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Thursday, 27 November 2014

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Slurry lagoon bid backed despite 1,400 objections

Plans for a massive slurry lagoon which have triggered the biggest number of objections ever recorded by Carlisle City Council are being recommended for approval.

A total of 1,401 letters and emails of opposition to the lagoon – capable of holding two million gallons of slurry – were lodged with the authority.

The proposals, for land on the outskirts of Longtown, will go before councillors next week.

One of the objectors, Malcolm Ward, of Friars Court in Carlisle, believes the lagoon could put peoples’ health at risk.

He said: “The planning officer’s decision arises due to the failure of critical updates to planning laws relating to huge dairy slurry lagoons.

“These lagoons contain a host of pathogens, the most dangerous are e-coli, campylobacter, salmonella, listeria and cryptosporidium.

“Pathogens hit hardest those with a low immune system – like the young and elderly. The Longtown doctors have submitted written details of their concerns,” added Mr Ward.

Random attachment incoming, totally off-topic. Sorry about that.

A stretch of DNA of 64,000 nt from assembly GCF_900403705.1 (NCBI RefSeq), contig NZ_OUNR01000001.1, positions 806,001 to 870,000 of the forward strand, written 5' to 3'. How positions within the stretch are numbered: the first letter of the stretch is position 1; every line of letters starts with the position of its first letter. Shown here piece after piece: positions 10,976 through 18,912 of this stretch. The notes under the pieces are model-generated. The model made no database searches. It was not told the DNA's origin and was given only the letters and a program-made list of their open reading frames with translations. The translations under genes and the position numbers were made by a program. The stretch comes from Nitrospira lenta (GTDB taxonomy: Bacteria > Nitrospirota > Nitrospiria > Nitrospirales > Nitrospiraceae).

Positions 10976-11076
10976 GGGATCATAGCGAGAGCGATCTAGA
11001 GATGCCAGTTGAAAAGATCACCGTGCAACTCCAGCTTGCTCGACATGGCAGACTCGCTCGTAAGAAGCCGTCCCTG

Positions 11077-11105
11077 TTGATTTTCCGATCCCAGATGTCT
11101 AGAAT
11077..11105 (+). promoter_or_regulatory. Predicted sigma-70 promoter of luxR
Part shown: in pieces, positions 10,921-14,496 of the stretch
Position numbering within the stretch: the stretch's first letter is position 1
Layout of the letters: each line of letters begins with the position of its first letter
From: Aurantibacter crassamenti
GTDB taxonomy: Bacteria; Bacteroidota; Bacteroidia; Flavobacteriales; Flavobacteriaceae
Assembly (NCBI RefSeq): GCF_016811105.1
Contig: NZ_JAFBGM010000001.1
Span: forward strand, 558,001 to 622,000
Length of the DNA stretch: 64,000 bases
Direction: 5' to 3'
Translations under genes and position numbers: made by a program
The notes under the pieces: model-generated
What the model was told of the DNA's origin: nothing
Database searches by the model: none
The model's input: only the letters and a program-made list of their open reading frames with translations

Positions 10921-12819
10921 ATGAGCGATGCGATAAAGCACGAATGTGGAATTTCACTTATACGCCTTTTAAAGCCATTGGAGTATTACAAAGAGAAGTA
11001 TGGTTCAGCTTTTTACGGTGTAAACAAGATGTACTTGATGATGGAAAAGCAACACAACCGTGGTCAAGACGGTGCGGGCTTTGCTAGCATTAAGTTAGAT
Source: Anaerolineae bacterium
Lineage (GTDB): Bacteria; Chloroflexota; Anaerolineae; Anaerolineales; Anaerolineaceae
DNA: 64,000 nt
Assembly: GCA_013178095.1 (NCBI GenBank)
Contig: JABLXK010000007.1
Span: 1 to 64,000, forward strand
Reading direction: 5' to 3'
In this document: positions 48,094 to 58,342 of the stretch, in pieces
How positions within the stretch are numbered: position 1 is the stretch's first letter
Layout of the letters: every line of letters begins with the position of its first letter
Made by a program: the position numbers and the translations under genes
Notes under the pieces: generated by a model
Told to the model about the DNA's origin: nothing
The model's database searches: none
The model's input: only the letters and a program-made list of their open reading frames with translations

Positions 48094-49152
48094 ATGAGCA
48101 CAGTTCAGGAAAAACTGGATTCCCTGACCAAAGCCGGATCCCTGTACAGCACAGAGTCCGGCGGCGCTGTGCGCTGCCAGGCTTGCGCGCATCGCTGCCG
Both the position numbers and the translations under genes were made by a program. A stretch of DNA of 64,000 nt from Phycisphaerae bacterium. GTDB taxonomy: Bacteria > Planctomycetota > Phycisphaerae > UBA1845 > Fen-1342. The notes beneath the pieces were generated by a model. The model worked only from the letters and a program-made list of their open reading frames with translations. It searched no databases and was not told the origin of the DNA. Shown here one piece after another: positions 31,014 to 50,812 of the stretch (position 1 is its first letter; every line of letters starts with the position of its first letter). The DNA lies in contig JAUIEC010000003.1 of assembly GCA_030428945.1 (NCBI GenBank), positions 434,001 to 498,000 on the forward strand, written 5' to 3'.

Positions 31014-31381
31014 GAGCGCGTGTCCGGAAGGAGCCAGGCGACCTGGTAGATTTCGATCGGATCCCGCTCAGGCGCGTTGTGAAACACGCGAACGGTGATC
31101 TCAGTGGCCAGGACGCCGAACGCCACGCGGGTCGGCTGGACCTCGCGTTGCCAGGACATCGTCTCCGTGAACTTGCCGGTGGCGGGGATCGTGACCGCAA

“Professor Stuart Reid and Dr James Bell (objectors to the proposals) have expert knowledge of slurry lagoon pathogens dangers. The planning officer has taken as his pathogen guide the advice of agricultural and environment consultancy ADAS. Unfortunately the examples quoted by ADAS are based on pathogens flowing from manure heaps, pig stys and henhouses. ADAS wrongly contend there is the absence of authorities relating to huge slurry lagoons.”

The application for the proposed lagoon, near Scaurbank Wood, was submitted by Robin and Moira Fisher.

The lagoon would be 500m, less than a third of a mile, from Lovers Lane in Longtown, the nearest residential street.

In their application, the Fishers say they need the lagoon to “future proof” their business. A report to the council’s development control committee states a consultant had been brought in to assess health concerns raised by objectors.

It adds: “Given the orientation with the residential properties and the distance from the houses, no adverse impact on the health of residents would occur from the lagoon.”

The matter will be discussed by the city’s development control committee next Friday.

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